Plaintiff testified that she called the security guard station three times to report that a patient was behaving in an aggressive and threatening manner, and that the lobby security guard assured her that he was sending a guard to assist her. She further testified that approximately 5 to 10 minutes passed between her first call and the assault, that the assault lasted approximately 3 or 4 minutes, and that the security guard arrived after she had been assaulted. It is not clear when the police were called or who called them, but they arrived and arrested the patient after the security guard appeared. Given the testimony by plaintiff and the Sera security guard to the effect that Sera staff undertook to respond to plaintiff's call for help, and the discrepancy between the parties' claims about the length of time it took for a Sera security guard to respond, plaintiff raised questions of fact as to whether Sera might be liable to her under a theory of detrimental reliance.

Moreover, while the motion court declined to credit surveillance video offered by Sera in [*3]support of its claim that the security guard arrived "one minute" after plaintiff called for help, the court should not have considered the video at all for two reasons. First, as the motion court noted, it was offered with defendant's reply papers and plaintiff had no opportunity to respond to it. Second, it was not authenticated, and thus did not constitute evidence in admissible form, as required on a motion for summary judgment (Zuckerman v City of New York, 49 NY2d 557, 562 [1980]).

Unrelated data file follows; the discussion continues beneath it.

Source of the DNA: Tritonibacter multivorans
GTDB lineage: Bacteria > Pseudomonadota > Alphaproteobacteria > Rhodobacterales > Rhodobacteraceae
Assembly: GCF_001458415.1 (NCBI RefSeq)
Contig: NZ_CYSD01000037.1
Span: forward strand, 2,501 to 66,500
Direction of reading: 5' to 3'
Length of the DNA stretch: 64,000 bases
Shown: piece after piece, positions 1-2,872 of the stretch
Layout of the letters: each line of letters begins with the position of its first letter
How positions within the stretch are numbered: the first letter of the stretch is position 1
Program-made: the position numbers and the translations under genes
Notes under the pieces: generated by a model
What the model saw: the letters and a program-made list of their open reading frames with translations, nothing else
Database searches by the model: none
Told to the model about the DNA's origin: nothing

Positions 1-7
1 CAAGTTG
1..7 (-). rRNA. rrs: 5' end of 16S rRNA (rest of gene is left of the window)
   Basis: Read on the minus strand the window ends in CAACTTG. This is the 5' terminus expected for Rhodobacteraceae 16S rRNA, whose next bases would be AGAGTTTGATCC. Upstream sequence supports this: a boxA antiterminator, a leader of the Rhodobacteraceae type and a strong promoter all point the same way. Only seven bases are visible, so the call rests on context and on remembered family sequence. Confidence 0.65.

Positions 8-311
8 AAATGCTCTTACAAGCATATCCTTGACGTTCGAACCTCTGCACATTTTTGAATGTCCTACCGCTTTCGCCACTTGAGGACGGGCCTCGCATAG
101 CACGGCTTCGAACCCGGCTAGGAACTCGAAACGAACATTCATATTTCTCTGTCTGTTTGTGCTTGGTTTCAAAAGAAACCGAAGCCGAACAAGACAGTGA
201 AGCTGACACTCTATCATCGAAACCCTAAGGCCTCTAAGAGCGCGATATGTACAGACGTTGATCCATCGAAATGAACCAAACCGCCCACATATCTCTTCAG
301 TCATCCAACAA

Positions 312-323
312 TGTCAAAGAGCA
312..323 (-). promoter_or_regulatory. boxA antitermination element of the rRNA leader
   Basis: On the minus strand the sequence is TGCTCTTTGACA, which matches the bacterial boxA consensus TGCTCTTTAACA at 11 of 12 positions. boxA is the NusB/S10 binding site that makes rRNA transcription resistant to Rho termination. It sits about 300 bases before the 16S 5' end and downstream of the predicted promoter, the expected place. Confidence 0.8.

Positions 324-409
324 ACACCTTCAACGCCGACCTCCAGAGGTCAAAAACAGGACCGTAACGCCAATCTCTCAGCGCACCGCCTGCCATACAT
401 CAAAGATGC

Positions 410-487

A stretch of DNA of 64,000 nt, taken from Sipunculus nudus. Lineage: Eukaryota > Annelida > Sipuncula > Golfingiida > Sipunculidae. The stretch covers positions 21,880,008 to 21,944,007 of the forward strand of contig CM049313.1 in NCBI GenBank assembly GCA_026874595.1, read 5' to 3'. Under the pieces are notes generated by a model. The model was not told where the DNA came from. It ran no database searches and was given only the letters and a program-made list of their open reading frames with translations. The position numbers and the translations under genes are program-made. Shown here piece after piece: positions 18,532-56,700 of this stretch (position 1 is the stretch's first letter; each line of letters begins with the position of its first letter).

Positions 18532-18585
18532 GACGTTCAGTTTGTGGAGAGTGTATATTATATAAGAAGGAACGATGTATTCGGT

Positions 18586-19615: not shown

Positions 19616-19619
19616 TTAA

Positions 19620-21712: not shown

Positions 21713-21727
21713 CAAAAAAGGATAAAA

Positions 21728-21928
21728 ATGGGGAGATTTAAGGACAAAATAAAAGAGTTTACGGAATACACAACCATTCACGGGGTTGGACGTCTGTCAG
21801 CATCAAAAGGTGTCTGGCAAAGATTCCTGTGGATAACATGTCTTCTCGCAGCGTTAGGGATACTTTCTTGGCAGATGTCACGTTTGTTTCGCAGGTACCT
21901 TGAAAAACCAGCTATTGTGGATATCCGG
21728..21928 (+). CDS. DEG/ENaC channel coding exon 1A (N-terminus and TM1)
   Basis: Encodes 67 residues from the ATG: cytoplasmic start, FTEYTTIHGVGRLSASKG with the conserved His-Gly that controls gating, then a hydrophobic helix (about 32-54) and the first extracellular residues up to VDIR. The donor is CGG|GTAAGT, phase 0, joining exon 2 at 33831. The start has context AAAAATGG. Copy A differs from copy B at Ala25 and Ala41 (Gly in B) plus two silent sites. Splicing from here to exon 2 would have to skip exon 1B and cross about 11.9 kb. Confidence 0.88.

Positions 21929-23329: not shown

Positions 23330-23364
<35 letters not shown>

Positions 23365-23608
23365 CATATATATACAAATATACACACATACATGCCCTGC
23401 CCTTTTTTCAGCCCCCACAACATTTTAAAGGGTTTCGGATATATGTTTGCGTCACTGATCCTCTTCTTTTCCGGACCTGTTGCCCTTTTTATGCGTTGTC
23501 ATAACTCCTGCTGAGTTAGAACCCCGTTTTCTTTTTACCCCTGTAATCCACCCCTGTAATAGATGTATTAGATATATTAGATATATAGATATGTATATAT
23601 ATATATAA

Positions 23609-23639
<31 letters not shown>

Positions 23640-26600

The motion court also correctly denied summary judgment as to whether or not the assault on plaintiff was foreseeable. A criminal act may result in liability for the party with a duty to maintain safety when he or she "knows or has reason to know that there is a likelihood that third persons may endanger the safety of those lawfully on the premises," including where the responsible party is aware of prior similar acts occurring on the premises (Florman, 293 AD2d at 124 [1st Dept 2002]). Moreover, it is not necessary that "the past experience relied on to establish foreseeability be of criminal activity at the exact location where plaintiff was harmed or that it be of the same type of criminal conduct to which plaintiff was subjected" (Jacqueline S. v City of New York, 81 NY2d 288, 294 [1993]).